Budgeting for a garage: Stage 2 - Electricity and plumbing

Budgeting for a garage: Stage 2 - Electricity and plumbing
To build your ideal garage, it’s crucial to know each step of the process, so you budget your expenses accurately.

To build your ideal garage, it’s crucial to know each step of the process, so you budget your expenses accurately. 


It’s not enough to base your entire budgeting plan on estimations you got from talking to your neighbour or an internet search. Understanding each stage in building a garage will give you a clearer idea of the actual costs for the structure you want. In fact, a lack of planning and understanding of the process is one of the biggest reasons homeowners blow out their budgets.


So, we will cover the entire process in a series of blogs to help you better prepare for building your garage and minimise costly delays and budget increases. 


We’ve already discussed stage one: Concrete foundations and soil classifications. Now, you need to understand stage two: Electricity and plumbing.


Once you’ve sorted out your concrete foundations and soil classifications, you need to plan for your garage's electrical work and plumbing.


It’s a common misconception that this stage can be a “do-it-yourself” process because it’s a seemingly more affordable option. But it’s actually not the case because it can be unsafe for homeowners, and the electrical work and plumbing needs to meet legal requirements involving licensed tradies (i.e. electricians and plumbers).


It’s best to consult with tradies and plan out this stage because it affects the placement and efficiency of your power source and water drainages in the garage. 


Everything needs to be in the right place before you start pouring concrete on-site. It’s difficult to change your mind about the placements of power sources and water pipes once the foundations are set in place.

Do you need electricity for a garage?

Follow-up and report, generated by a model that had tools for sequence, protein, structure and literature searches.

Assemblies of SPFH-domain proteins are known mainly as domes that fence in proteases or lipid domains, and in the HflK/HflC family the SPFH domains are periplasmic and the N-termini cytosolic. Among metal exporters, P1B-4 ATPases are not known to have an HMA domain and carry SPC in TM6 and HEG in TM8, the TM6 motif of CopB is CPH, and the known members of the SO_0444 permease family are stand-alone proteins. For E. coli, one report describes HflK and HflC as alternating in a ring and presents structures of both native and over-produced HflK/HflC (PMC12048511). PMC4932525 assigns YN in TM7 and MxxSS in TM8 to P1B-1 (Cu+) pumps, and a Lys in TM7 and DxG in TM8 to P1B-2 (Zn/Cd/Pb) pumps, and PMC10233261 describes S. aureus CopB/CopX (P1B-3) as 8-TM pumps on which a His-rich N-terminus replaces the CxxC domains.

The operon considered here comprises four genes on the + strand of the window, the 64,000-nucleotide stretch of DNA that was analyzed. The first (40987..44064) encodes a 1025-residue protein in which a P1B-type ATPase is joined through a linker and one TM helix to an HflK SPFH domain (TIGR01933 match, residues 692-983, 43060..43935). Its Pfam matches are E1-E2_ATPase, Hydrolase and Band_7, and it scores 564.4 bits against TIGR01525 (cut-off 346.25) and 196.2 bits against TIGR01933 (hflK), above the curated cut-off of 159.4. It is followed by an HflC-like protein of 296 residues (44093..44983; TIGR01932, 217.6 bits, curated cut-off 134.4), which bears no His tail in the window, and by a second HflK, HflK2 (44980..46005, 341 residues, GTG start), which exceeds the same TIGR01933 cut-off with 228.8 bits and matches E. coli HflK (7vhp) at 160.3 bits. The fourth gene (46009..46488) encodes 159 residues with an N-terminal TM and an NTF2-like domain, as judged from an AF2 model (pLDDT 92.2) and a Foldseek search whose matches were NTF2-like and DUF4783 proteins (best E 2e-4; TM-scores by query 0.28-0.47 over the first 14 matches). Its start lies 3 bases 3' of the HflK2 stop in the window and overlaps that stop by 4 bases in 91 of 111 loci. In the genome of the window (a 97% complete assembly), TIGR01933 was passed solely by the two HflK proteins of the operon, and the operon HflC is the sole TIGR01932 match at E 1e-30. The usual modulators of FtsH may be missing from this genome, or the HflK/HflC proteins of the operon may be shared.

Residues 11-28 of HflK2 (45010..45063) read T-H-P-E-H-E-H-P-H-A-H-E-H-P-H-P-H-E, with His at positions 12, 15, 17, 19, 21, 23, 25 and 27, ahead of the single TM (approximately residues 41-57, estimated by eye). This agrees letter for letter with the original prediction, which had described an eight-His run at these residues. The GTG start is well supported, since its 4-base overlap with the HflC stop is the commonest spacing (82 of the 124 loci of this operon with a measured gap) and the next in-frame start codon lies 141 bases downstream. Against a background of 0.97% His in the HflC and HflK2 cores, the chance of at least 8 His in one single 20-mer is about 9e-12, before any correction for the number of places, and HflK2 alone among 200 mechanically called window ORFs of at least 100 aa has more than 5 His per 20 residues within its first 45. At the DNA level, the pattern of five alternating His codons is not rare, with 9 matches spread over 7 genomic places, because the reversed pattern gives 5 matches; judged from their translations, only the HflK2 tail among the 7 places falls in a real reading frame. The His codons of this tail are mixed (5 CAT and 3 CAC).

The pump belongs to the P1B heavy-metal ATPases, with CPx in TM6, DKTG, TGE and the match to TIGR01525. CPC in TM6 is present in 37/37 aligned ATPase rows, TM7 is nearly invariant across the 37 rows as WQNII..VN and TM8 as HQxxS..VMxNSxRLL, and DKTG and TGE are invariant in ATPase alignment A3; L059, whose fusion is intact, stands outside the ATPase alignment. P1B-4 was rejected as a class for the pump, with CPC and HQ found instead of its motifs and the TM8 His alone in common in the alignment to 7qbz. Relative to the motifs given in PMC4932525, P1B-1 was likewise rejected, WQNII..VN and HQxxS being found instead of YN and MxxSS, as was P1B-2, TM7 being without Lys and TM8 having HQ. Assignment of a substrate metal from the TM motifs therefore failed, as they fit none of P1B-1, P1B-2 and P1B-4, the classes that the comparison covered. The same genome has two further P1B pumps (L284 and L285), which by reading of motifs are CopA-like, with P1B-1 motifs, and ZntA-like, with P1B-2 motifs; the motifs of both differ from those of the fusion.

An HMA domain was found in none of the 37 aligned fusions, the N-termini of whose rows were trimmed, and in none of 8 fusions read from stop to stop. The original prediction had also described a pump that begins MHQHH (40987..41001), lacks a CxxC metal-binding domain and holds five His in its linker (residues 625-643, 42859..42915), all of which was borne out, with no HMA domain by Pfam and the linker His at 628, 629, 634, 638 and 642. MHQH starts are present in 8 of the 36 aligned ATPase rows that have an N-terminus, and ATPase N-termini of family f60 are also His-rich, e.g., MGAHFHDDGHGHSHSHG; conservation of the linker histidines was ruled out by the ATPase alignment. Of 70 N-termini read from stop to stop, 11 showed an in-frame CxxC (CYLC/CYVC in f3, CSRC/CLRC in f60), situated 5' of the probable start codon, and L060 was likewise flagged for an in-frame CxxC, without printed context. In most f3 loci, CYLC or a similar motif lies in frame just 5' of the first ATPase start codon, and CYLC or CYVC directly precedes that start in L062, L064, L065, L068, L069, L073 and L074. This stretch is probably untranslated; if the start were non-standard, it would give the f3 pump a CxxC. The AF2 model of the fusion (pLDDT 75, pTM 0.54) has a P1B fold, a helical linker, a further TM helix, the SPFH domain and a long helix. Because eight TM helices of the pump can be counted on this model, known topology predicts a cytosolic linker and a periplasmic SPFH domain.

First, you need to think about what you’re using your garage for. 


If you’re planning to include a dedicated workstation in it (i.e. for mechanical work, woodwork, metalwork, etc.), then you need to consider the number of outlets and cords in your budget.


But even if it’s just a standard car or storage garage, it’s best to include some electrical work, even just for roller door motors, basic outlets and light sources. Consider emergencies or instances where you might need to go to your garage at night. It’s important to have a good light source in the dark.


It would be best if you also envisioned a clear layout for your garage so that the electrician can find the best placement for outlets and wirings.


Remember to consult with a licensed electrician for electrical work in your garage, as it’s illegal and considered unsafe in many states, such as Victoria, to do it yourself. 


The average cost of hiring an electrician in Australia is:


  • Victoria - $69 per hour

  • Queensland and South Australia - $76 per hour

  • Western Australia - $87 per hour 


The actual expenses for your own garage may change depending on: 


  • The size of your garage

  • The scope and complexity of the electrical work

  • The fixtures and materials needed

Plumbing requirements for a garage


Plumbing is also legally regulated in Australia, so you must consult a licensed or registered plumber about everything you need for your garage. 


Without the proper plumbing (and plumber), water can overflow from your garage and into your neighbour’s property, leading to council involvement. 


For residential garages, a plumber is in charge of connecting your garage to a legal point of discharge (i.e. plumbing valves) and installing the tank, pump, and pipes that you might need. 


Similar to the electrical work, your plumber will know the best place for all of these fixtures.


The average cost of hiring a registered or licensed plumber in Australia is:


  • Melbourne - $80 to $87

  • Sydney - $99 to $135

  • Perth - $95 to $100

  • Brisbane - $88 to $92

  • Adelaide - $81 to $89


The actual expenses for the plumbing in your garage will depend on different factors:


  • Scope and complexity of the plumbing 

  • Type of plumber (i.e. independent contractor or part of a company)

  • Fixtures and equipment needed


Maintaining the plumbing in your garage is similar to how you maintain it in your house: Clean out the gutters and downpipes to reduce blockages.


Just remember that this stage in building your garage is definitely not DIY and that you should consult with licensed tradies so that you’re financially prepared for the work that needs to be done. 

If you have questions about electrical work and plumbing for your garage, give us a call.